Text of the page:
• Between one-third and two-thirds of child maltreatment cases involve some form of substance abuse
  • Parental substance abuse and addiction are linked to children suffering cognitive, social and behavioral difficulties
  • A parent with an SUD is three times more likely to physically or sexually abuse their child. These children are more than 50 percent more likely to be arrested as juveniles and 40 percent more likely to commit a violent crime.

“A parent with an SUD is three times more likely to physically or sexually abuse their child.”

Ultimately, the onus lies with women who are pregnant or plan on becoming pregnant. It’s never too late to stop abusing drugs or alcohol. If you’ve just found out that you’re pregnant, the sooner you cease substance abuse, the better chance you’ll have of avoiding any of the complications associated with prenatal drug or alcohol use. The same applies to women who plan on trying to become pregnant in the near future. The sooner you remove substance abuse from your life, the better.

Substance Abuse and Addiction Help is Available

Whether you’re pregnant, thinking of trying to get pregnant or already have children, there’s no room for drug or alcohol abuse in your life. Not only are drugs and alcohol detrimental to your health, but they also put your child’s life and well-being at risk. There’s never a bad time to start trying to turn your life around.

But it’s important to understand that wanting to overcome your substance use disorder and actually doing it are two separate things. No matter how motivated they are, very few people are able to defeat addiction without the help of trained professionals in an inpatient facility.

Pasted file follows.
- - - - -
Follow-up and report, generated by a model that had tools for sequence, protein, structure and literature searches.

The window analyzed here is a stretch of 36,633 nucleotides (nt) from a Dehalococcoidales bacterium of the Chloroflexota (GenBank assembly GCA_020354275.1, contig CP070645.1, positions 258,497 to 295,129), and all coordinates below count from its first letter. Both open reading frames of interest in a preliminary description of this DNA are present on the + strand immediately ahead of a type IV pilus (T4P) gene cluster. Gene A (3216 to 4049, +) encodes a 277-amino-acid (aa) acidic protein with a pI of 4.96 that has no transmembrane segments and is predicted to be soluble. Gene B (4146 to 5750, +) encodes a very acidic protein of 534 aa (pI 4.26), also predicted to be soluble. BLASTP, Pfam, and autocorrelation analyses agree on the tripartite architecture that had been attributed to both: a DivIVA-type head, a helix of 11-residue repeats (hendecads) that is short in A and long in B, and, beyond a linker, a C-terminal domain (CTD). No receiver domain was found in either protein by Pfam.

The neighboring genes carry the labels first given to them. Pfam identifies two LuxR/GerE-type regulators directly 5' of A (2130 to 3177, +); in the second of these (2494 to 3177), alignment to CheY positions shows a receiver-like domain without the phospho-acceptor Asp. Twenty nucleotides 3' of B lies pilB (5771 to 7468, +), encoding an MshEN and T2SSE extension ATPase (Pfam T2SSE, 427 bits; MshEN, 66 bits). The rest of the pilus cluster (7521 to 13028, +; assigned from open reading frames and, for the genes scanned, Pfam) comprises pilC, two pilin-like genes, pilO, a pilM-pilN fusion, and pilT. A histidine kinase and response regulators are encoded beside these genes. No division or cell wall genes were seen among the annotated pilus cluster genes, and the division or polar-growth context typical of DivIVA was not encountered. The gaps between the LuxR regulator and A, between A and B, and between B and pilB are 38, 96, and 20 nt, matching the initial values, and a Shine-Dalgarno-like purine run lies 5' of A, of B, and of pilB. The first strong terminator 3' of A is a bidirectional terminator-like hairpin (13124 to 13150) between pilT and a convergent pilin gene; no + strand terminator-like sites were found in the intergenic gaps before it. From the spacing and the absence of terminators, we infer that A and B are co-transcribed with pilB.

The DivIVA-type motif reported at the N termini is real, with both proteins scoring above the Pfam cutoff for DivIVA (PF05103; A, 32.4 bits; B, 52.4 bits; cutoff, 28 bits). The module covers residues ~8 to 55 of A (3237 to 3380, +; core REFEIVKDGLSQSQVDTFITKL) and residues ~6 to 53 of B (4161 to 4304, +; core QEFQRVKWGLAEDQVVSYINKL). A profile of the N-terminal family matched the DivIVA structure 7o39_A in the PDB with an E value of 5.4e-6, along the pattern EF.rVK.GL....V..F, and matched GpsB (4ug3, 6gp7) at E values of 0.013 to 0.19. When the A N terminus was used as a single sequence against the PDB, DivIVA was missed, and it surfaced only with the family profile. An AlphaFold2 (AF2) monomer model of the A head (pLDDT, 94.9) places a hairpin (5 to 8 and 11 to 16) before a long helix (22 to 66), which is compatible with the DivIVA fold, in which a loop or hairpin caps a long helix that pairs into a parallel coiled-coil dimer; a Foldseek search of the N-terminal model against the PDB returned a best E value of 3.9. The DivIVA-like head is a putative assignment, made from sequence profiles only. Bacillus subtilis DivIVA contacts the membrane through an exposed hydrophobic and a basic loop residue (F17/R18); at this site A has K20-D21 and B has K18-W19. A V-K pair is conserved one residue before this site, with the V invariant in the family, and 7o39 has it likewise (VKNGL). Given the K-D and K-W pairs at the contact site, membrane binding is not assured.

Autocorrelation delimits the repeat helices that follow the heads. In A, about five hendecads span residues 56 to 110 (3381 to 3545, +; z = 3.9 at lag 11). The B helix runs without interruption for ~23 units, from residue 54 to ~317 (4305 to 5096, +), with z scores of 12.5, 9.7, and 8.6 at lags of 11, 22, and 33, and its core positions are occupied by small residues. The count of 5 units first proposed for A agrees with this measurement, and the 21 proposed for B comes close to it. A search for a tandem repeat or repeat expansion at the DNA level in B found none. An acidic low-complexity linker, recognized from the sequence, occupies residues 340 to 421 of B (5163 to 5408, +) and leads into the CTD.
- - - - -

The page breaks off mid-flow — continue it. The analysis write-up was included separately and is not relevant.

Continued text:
If you’re ready to change your life, Unity Behavioral Health is ready to help. We have aided countless individuals and families in fighting back against addiction – we’re ready for you to be our next success story. Contact us today at 561-708-5295 to find out how you can get started.

  15. Goodman MD, Quinn PO. Medication use during pregnancy: A concern for women with AD/HD. In: Nadeau K, Quinn PO, editors. Understanding Women with AD/HD. Silver Spring, MD: Advantage Books; 2002. pp. 69–85
  22. U.S. Department of Health and Human Services. Administration on Children, Youth, and Families. Child maltreatment 2005. U.S. Government Printing Office; Washington, DC: 2007